Then you terminate without cause. If you terminate without cause, you must provide the employee with adequate notice. The notice is calculated in time (i.e. two weeks' notice). Most employers, however, prefer to pay out the notice period rather than give an employee the required notice period. In all provinces in Canada, laws exist outlining the minimum amount of notice an employer must provide. I reproduce the notice provisions in Manitoba's Employment Standards Code below. They can be found here, in the Employment Standards Code. For example, if you terminate an employee with seven years of employment, you must provide six weeks of notice. But that is just the start.

Common Law Rules

If you do not have a written employment contract outlining or limiting the notice period, then Common Law applies. Judges establish Common Law. Over the years, lawyers have litigated employment contracts, and a variety of rules have developed. There is no clear formula, but judges now consider such things as:

  • the number of years of service, 
  • the employee's age (if the employee is older, he may require more time to find a new job), 
  • employee's education (if the employee has a high school diploma, she may find it more difficult to find work). 

Ultimately, an employee with ten years of service may be entitled to between six months and a year of notice. Let that sink in for a few moments. While The Employment Standards Code outlines a maximum notice period of eight weeks, that is simply the minimum amount. A judge could quadruple that amount.

Benefits of a Written Employment Contract

Fortunately, it's not all doom and gloom. You can limit the notice period in a written employment contract to the minimums found in The Employment Standards Code. You can't, however, contract out of the minimums. Even if you try to include a provision in the contract stating that you can terminate without cause without providing any notice period, a court will find that provision invalid. You are stuck with the minimum. The minimum notice period is still significantly better than the alternative. Let's use a scenario to illustrate:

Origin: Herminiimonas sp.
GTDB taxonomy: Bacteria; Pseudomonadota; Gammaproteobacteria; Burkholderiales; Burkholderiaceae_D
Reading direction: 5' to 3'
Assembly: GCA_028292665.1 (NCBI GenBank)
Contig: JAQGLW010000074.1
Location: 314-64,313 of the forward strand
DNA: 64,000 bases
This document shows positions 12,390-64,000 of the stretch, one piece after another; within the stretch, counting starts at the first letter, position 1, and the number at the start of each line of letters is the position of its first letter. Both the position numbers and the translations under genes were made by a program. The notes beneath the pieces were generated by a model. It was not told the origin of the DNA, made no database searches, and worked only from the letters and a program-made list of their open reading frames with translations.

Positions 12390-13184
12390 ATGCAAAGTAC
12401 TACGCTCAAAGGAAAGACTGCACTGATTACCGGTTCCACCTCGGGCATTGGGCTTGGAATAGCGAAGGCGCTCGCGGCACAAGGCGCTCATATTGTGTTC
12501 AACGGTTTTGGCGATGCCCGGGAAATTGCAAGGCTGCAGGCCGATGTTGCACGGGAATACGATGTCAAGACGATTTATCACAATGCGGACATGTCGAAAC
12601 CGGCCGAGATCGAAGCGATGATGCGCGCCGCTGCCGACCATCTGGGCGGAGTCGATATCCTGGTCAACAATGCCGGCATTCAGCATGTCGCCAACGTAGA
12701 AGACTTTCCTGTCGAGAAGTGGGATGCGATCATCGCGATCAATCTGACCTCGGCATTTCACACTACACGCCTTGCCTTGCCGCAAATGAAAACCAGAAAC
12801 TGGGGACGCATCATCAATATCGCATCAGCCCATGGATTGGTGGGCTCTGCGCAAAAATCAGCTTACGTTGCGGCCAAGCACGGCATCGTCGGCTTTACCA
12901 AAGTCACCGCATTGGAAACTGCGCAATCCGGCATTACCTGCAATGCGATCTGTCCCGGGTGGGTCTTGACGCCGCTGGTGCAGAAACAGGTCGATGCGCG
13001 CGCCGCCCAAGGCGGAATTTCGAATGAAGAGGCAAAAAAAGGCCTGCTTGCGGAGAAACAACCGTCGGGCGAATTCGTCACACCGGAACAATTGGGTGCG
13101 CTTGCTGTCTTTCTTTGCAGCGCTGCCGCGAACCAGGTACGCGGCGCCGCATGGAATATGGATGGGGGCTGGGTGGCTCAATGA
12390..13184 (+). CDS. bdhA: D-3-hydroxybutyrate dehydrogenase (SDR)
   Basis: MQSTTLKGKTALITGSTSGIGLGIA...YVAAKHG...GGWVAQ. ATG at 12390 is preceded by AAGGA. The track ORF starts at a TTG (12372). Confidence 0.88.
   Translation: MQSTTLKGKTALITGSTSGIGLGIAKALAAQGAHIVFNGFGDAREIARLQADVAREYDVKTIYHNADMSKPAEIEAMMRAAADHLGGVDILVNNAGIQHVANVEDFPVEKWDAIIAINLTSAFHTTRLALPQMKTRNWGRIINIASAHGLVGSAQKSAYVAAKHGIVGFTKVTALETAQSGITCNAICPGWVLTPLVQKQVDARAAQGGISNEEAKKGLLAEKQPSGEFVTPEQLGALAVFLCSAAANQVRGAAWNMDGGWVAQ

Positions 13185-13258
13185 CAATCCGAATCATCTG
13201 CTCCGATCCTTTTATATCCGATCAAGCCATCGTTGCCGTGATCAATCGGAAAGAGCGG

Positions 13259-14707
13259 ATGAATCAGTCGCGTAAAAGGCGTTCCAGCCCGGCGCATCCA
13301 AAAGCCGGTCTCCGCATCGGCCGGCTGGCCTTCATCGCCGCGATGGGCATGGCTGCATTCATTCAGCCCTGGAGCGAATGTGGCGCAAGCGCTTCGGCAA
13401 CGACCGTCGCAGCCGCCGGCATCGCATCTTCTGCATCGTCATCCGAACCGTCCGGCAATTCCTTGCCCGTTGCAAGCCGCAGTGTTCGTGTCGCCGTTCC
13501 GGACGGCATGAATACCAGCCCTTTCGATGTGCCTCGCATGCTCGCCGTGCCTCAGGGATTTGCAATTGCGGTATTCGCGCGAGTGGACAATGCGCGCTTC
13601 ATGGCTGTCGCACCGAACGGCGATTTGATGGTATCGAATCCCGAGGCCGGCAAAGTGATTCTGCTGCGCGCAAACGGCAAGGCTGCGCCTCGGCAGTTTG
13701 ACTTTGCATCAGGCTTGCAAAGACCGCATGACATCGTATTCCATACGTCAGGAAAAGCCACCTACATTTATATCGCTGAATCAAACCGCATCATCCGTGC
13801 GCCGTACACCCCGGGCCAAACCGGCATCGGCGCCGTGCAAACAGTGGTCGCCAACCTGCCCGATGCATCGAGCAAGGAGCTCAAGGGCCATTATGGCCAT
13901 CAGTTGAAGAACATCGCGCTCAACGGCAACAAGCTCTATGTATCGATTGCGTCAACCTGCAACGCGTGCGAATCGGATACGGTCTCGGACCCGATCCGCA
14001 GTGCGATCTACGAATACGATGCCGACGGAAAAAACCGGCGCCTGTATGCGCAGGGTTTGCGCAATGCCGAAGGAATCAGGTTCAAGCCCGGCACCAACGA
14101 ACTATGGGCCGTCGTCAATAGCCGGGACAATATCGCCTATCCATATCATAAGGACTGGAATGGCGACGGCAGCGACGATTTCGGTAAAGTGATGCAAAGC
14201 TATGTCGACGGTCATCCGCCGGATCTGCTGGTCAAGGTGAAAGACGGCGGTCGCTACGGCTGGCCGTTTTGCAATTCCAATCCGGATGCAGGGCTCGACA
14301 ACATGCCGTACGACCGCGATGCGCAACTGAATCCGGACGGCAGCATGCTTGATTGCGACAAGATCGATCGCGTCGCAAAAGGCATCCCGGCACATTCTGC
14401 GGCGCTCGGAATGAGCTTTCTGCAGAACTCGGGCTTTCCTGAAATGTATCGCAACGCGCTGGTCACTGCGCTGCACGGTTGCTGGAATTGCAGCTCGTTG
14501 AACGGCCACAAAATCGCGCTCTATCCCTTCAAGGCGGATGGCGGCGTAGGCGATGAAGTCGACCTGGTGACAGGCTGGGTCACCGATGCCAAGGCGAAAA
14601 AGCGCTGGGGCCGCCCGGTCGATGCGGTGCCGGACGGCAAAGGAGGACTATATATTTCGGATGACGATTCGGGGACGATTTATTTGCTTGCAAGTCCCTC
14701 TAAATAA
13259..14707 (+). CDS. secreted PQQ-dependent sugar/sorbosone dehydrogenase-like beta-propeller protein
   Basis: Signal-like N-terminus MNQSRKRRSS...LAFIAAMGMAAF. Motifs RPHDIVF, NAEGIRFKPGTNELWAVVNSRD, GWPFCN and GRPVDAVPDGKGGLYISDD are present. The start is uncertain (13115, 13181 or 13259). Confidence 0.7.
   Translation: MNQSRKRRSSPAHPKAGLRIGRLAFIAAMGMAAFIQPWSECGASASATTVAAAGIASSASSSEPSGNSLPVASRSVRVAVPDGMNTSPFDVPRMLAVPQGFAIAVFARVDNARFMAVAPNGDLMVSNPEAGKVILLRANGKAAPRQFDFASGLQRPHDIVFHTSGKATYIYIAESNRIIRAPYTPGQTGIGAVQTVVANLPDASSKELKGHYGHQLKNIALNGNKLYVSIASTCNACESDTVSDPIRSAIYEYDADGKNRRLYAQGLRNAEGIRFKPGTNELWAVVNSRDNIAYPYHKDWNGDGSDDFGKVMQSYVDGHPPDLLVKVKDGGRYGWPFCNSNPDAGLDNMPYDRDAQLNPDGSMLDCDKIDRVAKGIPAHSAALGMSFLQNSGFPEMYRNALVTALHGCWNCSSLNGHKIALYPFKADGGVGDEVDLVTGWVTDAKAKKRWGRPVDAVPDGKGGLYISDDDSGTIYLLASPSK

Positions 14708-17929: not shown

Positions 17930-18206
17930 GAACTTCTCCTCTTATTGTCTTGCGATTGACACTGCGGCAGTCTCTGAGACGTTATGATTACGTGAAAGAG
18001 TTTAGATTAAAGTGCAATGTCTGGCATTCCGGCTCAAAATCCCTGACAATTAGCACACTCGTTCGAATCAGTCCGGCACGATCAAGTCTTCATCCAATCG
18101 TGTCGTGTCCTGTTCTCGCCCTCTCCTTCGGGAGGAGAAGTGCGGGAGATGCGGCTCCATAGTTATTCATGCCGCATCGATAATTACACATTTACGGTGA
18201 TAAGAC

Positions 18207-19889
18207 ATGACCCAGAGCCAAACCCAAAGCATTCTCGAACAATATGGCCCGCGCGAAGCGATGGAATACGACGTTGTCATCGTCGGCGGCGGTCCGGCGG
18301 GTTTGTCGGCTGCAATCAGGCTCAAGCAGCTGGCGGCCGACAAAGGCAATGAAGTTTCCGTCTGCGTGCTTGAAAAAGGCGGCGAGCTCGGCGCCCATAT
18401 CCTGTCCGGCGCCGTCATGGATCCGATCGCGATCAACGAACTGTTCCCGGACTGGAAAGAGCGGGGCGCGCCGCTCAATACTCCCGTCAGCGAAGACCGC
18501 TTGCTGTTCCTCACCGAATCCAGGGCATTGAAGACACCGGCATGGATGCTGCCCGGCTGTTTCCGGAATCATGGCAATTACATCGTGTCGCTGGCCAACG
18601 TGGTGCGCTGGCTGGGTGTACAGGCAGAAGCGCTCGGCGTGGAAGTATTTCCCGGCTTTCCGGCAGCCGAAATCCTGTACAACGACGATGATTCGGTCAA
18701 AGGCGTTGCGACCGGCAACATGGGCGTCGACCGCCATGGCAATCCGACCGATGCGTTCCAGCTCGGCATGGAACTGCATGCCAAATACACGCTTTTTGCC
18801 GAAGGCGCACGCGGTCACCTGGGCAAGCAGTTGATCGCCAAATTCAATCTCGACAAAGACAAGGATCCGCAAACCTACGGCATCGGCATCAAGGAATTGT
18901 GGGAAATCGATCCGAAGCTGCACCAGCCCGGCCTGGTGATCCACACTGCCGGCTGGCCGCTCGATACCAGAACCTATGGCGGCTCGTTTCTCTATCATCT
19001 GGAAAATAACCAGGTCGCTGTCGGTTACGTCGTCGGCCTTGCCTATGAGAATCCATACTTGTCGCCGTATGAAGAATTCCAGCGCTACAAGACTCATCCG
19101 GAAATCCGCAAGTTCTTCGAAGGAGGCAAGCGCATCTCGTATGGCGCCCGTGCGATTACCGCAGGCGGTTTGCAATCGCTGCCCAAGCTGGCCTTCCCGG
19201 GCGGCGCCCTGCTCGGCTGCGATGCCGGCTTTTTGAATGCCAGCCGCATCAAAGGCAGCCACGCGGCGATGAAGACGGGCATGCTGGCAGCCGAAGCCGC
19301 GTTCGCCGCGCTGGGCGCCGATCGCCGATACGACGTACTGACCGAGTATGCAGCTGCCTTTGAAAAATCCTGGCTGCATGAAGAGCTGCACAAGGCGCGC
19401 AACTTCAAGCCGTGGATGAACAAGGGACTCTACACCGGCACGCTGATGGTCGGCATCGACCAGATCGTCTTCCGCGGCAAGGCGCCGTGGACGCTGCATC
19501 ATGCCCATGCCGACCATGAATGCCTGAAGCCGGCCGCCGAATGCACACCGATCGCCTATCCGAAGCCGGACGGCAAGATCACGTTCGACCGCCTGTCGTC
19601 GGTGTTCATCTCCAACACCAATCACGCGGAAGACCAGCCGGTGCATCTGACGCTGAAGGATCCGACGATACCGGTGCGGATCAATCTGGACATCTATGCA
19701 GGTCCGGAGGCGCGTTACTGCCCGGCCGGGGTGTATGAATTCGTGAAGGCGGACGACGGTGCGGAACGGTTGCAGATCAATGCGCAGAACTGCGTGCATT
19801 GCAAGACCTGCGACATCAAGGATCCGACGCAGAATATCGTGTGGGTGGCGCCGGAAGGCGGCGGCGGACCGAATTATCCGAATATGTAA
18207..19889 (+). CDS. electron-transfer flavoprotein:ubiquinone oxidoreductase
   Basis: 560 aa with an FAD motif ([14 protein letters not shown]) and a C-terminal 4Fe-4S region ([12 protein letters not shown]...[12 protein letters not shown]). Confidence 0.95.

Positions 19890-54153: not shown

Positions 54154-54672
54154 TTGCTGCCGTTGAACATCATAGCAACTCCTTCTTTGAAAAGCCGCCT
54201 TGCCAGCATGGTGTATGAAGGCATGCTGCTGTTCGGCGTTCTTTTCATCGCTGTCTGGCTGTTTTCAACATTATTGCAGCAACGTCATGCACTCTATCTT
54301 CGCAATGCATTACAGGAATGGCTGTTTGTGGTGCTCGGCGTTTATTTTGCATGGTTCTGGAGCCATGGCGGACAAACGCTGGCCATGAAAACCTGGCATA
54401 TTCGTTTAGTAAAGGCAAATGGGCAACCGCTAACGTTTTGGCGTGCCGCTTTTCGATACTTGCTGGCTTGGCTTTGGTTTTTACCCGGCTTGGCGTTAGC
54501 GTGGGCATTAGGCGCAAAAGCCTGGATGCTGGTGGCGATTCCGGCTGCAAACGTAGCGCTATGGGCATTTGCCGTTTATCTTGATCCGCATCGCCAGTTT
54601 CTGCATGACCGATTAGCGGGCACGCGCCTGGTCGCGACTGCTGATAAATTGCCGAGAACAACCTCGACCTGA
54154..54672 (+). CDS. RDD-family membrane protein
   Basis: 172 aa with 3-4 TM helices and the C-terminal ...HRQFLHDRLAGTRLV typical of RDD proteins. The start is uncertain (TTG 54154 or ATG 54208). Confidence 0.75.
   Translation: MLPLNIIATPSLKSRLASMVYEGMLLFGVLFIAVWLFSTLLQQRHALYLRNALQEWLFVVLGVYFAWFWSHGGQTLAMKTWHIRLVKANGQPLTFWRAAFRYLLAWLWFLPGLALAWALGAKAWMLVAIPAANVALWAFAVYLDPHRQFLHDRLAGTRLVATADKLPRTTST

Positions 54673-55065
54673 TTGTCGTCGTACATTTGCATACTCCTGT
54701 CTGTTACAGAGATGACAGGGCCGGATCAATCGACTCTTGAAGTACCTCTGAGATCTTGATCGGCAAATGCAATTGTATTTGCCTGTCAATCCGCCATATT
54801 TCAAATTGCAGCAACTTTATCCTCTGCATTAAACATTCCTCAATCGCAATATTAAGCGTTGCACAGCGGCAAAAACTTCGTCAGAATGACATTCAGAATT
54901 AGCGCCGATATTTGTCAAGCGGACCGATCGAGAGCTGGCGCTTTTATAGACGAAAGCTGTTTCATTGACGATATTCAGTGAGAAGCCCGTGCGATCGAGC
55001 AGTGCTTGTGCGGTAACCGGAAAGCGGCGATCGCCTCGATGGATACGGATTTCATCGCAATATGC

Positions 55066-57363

You are the owner of an advertising company. You have two marketers that have been with you since you opened the agency 12 years ago. Due to increased competition, your business is suffering. You conclude you must lay off one of the marketers. You pay your marketers $20.00 an hour, which works out to $3,200.00 a month. Under The Employment Standards Code, you must pay him two months of salary = $6,400.00. Not an easy sum for someone whose business is struggling. However, $6,400.00 does not satisfy your employee, so he takes you to court. After hearing two days of testimony, a judge concludes based on your employee's limited education (grade 12), age (38 years old), and limited prospects of finding new employment, you must provide him with eight months' notice. As that employee has already left, you must now come up with an additional $25,600.00... $25,600.00 = common law imposed notice v. $6,400.00 contract limited notice = $19,200.00 saved. You will notice that I used a situation where the business had to downsize due to economic pressure in my example. The reason for terminating someone only matters if you terminate with just cause. Terminating someone for any other reason, such as "fit," not-the-right-person-for-the-job, or even economic pressure, falls into termination without notice. Your economic reality is irrelevant.

Other Considerations

A written contract can also provide you with protections such as confidentiality and non-competition and non-solicitation clauses. These heads offer a more limited level of protection. However, they can also save your business significant hassle and money.